People who normally talk about books and papers and lesson plans spoke succinctly about “branding” and community outreach. Some spoke of unique and clever strategies to recruit students, like visiting local mommy hangouts and selling DVDs of school activities to parents in the hope that they will pass along copies to extended family members. Never under-estimate word-of-mouth.
One principal advised participants to make creative payment arrangements with parents who struggle financially. “Just get them in the door,” she urged. Some schools stay open during the holidays as a way of offering extended day care. Another principal said she opened the doors to her school at six in the morning and did not close them until six at night so children could stay until parents finished work. One school offered incentives to students to plan news-worthy events, and when the local channel sent a reporter, the kids got free dress.
The high point came when Archdiocese Chancellor of Schools, Sister Mary Elizabeth Galt, B.V.M., announced that for the first time in ten years, enrollment in diocese schools was up. “We were losing a thousand students a year,” she said. But the marketing efforts begun last year seemed to be making a difference. Sister then drew a name from a hat and sent one educator home with a $250 gift card to an office supply store.
In an age of failing schools and deep concerns about the future of American education, these participants were willing to devote weekends and additional hours to writing ad slogans, creating brochures, and formulating grant proposals. That is the new paradigm of teaching today, and even though a Catholic education has been the gold standard for decades and should need no huckstering to save a school from closure, teachers, administrators, parents and staff are more than willing to step to the plate and sell. It may be the only way to save their schools.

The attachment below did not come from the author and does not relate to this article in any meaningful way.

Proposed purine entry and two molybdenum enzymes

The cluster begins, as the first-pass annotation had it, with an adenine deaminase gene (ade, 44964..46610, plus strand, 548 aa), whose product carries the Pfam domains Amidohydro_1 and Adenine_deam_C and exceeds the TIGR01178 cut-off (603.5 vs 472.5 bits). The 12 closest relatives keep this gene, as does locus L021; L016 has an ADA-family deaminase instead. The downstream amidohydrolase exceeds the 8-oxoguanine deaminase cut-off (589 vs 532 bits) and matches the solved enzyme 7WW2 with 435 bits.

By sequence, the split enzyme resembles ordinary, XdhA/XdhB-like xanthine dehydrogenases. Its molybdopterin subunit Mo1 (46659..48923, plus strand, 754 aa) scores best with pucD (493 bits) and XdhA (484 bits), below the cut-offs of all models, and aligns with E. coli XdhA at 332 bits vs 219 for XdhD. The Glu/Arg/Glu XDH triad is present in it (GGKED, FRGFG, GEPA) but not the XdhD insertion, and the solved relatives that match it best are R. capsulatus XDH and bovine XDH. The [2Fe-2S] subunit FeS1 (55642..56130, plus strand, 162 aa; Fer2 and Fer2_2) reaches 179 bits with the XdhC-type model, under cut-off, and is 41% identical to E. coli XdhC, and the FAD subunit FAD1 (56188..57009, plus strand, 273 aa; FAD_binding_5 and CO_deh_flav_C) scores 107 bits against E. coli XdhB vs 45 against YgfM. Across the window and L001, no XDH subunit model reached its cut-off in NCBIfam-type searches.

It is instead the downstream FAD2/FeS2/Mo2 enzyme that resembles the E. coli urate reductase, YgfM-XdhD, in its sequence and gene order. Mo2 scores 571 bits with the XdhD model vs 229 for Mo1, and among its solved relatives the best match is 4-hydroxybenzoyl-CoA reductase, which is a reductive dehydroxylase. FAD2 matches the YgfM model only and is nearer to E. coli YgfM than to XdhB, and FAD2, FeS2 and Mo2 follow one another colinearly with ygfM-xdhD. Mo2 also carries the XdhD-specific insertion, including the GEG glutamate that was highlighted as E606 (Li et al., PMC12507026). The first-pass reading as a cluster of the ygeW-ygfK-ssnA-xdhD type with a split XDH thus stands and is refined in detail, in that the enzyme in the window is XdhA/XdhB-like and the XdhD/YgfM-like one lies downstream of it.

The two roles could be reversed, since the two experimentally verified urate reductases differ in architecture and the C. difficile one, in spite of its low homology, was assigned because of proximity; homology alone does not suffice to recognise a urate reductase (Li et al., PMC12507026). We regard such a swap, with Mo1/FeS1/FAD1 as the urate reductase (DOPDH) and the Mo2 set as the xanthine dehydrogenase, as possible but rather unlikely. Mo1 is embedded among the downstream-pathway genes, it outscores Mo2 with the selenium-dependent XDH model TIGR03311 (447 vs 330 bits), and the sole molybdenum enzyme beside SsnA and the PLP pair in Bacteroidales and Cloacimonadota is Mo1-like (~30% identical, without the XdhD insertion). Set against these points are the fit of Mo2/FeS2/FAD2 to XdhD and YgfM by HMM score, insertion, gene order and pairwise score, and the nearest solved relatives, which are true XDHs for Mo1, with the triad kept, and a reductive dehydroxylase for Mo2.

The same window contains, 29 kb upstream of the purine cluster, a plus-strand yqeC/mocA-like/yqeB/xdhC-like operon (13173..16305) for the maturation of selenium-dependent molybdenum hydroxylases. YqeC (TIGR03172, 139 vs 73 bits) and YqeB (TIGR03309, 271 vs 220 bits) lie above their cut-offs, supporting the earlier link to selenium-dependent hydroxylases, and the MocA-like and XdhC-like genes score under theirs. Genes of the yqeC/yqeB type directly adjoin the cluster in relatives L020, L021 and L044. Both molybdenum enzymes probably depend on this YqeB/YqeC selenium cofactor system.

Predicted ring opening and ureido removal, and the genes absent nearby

Logo courtesy of National Catholic Education Association website.
For additional articles about this subject, see the post here.
Saturday, October 1, 2011
This piece was written for the Daily News in Los Angeles on the occasion of the paper’s centennial.
I will never forget flying through the dawn. In many ways, those mornings in the eastern San Fernando Valley delivering the Daily News shaped my entire life.
I started my delivery service when the paper published on selected days of the week. By the end of my time, the Daily News was a seven-day-a-week publication with a unique valley slant. There were no mornings off for us carriers. I pedaled my ten-speed furiously through the neighborhood, racing the sun to get all my papers delivered and get back home to get ready for school. My salary helped pay for my Catholic school education and relieve the financial burden on my working class parents.
My daily journey was an adventure, fraught with a hint of danger and full of hidden secrets in the darkness.
There was the vicious mutt that stalked me. He ran loose in the neighborhood and would lie in wait to launch himself out of the dark shrubbery to attack me with gleaming fangs and horrible snarl. His teeth nipped at my frantic legs, and once he had a hold of my jean cuff, he tried to tear me off my bike. As a twelve year old who had just read about Sherlock Holmes and The Hound of the Baskervilles, I feared being torn apart by this beast. In a last ditch effort to survive, I loaded a plastic squirt gun with ammonia, and when the dog leaped at me the next morning, I managed to nail him in the face. He slid away into the darkness, never to harass me again.
There was the body on the sidewalk. I nearly ran over him and thought he was dead. Staring down at him, my chest heaving, I heard him moan and realized, as my nose registered the stench, that he was only drunk.
There were the mishaps, mostly due to my bad aim and weak throwing arm. The guy who demanded his paper on his porch or he wouldn’t pay me received a slamming wake-up call every 5 AM as I furiously hurled his paper against his screen door. Until I developed some skill, papers landed on roofs, in flower beds, and one time, through an open window with a crash of broken dishes and who knows what else.
Little did I know, when I returned home smeared with ink and smelling of newsprint, those days of delivery, in rain, cold, heat, and dust would lead me to a life centered on words as a writer and English teacher. But they did, and I would not trade the memories for anything.
I’d like to think that somewhere in another dimension of time and space, that twelve year old boy is still pedaling his way through another blue morning. In that place, people still read newspapers, children feel safe at school and on the streets of their neighborhoods, and a child flies through the dawn’s early light, launching a bundle of newsprint through the air to land on the front porch to inform the world.
Photo: Getty Images